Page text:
We had been told by several Lithuanians that the Old Town in Kaunas was quite different than that in Vilnius – older, more intact, more medieval, just “different” – and it is! The stone streets are extremely bumpy and uneven, with some areas sinking in, feeling like they have been there for centuries. Buildings have both Dutch and German ornamentation. There are lots of flowers everywhere, and naturally, lots of churches. The city was founded at the confluence of the Neris and Neman Rivers. Jan’s maternal grandfather was born here in 1889, and left with his father for the US in 1900, so we wondered if he had walked on the same streets and would recognize the older buildings if he were still alive. It is a good feeling to think of sharing those memories of the past in the present day.
The churches! First up is the Kaunas Cathedral Basilica of Sts. Peter and Paul, first mentioned in the year 1413. It doesn’t look like there is room for one more statue or one more speck of gold….quite a feast for the eyes! The second photo is of the Church of the Assumption of the Blessed Virgin Mary, or Church of Vytautus the Great, consecrated in the year 1400, and an important example of classic Gothic architecture in Lithuania. The third photo is St. Francis Xavier Church, dating to 1722, and a stone’s throw away across Town Hall Square from the cathedral! Its spires are the ones you see in subsequent photos of the Old Town.
The fourth church is St. Michael the Archangel, dating to 1895. Built as an Orthodox Church, during the Soviet years it was used as an art gallery, and today it is a Roman Catholic Church. It is at the beginning – or end – of a very long pedestrian walkway, some of which is presently under construction. The walkway (and church) can be seen below in the photos from around town. The fifth photo is not a church, but is Kaunas City Hall, known as “the white swan,” set in between two of the Old Town churches!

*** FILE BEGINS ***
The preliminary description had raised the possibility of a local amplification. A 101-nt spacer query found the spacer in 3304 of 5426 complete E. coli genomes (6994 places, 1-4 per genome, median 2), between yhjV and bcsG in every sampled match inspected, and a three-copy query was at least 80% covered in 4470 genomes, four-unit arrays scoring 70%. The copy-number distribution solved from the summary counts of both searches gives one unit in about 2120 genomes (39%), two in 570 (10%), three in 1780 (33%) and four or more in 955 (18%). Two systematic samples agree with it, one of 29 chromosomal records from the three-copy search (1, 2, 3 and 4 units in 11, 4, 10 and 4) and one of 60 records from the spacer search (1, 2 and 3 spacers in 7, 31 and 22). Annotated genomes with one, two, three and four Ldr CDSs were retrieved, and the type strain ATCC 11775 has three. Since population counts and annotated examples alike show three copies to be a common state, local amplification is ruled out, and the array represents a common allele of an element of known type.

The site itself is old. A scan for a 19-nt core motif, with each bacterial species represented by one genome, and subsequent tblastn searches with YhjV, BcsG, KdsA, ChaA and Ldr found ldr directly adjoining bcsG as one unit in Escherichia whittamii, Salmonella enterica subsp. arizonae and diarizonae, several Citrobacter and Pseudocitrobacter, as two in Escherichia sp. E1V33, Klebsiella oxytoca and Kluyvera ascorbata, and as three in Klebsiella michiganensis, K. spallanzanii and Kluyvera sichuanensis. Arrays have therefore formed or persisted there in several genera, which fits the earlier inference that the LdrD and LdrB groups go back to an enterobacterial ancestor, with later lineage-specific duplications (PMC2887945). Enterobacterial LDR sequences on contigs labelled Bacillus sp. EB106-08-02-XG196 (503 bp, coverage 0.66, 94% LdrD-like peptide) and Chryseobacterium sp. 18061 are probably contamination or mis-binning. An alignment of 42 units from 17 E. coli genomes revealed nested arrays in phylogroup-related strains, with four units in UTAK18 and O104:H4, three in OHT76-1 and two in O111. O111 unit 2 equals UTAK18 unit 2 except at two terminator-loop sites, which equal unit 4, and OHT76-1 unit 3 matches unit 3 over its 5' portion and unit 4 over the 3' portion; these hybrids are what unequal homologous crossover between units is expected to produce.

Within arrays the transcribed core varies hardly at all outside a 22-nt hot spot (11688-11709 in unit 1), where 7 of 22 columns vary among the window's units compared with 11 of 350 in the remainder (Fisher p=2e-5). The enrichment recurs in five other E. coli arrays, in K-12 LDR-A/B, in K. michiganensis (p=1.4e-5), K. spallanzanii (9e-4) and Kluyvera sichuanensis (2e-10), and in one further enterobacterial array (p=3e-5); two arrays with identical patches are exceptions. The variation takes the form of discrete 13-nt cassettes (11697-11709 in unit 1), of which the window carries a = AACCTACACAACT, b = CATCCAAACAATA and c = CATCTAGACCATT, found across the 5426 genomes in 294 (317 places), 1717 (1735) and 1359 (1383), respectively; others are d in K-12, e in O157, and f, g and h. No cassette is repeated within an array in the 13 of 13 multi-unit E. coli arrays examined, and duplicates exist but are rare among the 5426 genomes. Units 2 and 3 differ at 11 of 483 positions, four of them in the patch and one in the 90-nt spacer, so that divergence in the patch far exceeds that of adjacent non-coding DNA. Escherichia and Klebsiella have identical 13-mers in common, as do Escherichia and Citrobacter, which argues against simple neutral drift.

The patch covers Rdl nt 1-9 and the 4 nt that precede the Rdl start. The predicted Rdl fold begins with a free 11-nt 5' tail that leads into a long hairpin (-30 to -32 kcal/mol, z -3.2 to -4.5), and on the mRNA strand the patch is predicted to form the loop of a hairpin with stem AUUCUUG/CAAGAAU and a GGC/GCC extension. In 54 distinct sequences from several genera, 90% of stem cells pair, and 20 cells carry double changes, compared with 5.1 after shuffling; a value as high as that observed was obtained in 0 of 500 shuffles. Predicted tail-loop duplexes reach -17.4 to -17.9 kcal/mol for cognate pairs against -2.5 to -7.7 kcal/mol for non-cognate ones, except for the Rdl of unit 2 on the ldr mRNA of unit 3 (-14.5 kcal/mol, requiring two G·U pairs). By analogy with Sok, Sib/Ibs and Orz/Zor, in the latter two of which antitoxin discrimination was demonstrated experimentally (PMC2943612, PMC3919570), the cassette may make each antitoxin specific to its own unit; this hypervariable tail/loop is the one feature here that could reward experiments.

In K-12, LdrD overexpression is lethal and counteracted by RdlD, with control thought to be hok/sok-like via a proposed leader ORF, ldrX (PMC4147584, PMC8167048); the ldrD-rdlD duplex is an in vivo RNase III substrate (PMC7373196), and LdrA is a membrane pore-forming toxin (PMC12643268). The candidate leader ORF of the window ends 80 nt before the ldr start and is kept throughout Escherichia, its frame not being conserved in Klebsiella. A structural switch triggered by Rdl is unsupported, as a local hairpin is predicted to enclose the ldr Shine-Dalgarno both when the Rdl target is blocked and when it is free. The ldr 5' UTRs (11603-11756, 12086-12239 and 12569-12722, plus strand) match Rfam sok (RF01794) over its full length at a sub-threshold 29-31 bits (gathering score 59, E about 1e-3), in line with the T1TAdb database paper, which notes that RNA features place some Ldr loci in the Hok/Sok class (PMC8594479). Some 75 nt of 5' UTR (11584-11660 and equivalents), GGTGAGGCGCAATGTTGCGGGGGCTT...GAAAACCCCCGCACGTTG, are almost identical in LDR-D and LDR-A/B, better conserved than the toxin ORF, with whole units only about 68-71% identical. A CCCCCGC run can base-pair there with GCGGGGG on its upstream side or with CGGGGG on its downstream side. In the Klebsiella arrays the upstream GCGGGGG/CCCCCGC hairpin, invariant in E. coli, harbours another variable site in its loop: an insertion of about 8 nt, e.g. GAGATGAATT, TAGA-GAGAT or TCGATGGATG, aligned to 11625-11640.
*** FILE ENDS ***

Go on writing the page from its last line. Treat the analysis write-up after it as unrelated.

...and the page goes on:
Following Town Hall is a gorgeous Gothic brick building, Perkunas House. Read the description in the following photo as to the house’s importance. After that is a courtyard at the College of St. Ignatius of Loyola with beautiful, unusual planters backed up by Angels’ Trumpet flowers, followed by several photos from around the city, including some of the flowers along our route. The weather alternated between very dark and cloudy and sunshine! It finally rained as we walked back to our hotel, but alternated all day long.
There is a photo of the Neman River with the sentiment, “Together, We Love Kaunas.” That is followed by…???…we don’t know! It is a large stone with a wheel on one side, sitting on a corner in Old Town. Several people had gathered around, asking what it was. There was no sign and no information we could find on the internet, so we are not sure. Following that is a photo that looks mighty strange. Can you guess what it is? Black coconut ice cream with raspberry sauce and berries! It tasted great…lots of coconut, but made our lips and tongues black for a few hours. We end with – ahem – a famous Shakespeare quotation. You surely will recognize it.